SWINDON Robins boss Alun Rossiter has described speedway’s annual general meeting this winter as ‘make or break’ if the sport is to remain professional in the United Kingdom.

A watered-down product has contributed to speedway’s dramatic drop in attendance figures, according to Rossiter, who revealed the Robins raced at a loss again this season despite continued efforts to increase awareness about the club and sport across the region.

With the future of clubs including Rye House, Peterborough, Lakeside and Coventry all at risk, promoters will soon meet to discuss the sport’s future at the British Speedway Promoters Association (BSPA) annual get-together in Rugby.

And Team Great Britain boss Rossiter has strong opinions to voice to fellow team managers and promoters, particularly regarding the set race night rule and the possibility of introducing one league only.

Rossiter told the Advertiser: “This winter is definitely make or break for me.

“We’ve got to get it right, in my opinion. There are lots of things that need sorting and it frustrates me.

“One league will not work, there are too many teams. Some teams will be able to compete and others wouldn’t if that happened.

“The biggest problem for me is that we’re trying to bring the sport down to a certain level to accommodate a team.

“I don’t think we can do that – we need to make it a far more professional league.

“This year was one of the closest Premiership seasons there has been, but there were too many riders missing – especially on Wednesday when the British league clashed with the Danish league.”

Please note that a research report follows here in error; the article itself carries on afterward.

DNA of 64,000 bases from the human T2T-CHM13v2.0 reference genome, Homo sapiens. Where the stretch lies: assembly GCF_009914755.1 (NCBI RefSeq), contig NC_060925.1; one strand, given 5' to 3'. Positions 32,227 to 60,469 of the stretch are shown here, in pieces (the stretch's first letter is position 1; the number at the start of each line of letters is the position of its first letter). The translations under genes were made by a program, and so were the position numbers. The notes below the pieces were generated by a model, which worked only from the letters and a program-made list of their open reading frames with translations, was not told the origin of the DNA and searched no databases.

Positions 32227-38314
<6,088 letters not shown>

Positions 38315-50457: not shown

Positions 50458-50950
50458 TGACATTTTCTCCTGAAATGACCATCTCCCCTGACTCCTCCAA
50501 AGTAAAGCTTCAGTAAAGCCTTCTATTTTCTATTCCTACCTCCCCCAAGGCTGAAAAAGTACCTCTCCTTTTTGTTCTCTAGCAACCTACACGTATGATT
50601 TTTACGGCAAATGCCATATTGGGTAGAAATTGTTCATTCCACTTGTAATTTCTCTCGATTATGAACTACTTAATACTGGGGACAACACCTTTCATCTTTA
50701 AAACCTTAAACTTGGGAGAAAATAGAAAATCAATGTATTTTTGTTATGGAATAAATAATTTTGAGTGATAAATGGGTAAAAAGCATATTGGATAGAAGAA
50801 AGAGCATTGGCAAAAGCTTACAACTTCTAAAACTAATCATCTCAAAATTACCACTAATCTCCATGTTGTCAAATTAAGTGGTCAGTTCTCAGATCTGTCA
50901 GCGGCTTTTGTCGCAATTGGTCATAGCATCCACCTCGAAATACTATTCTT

Clubs were hit two seasons ago when Sky Sports pulled the plug on speedway coverage, opening the door for BT Sport to take over broadcasting rights – albeit at a large expense to the sport’s top tier clubs.

At a time where Team Great Britain can boast a World Team Championship silver medal and its own three-times world champion in Tai Woffinden – who regained his crown in Torun on Saturday – Rossiter admits clubs must put a business head on and that the top tier must take priority.

He added: “For many years we’ve been dictated to by the lower league – in what other sport does that happen?”

“Speedway is in a critical state.

“Speedway is a business, and teams must put a business head on and not try to wing it.

“We (the Robins) have bridged the gap for the loss of the TV sponsorship money, that was a massive loss.

“That gap has been bridged by the work that Lee Kilby (commercial manager) completed, but even we still ran at a loss this season.

“But we’ve proven we can get out there. We must have a product to sell, we can’t have something similar.

“It needs to be a professional top league. We can only afford maybe one or two top riders – in an ideal world you want four or five top riders, but that’s not going to happen.

“You’ve got to be realistic and see what’s coming through the turnstiles.”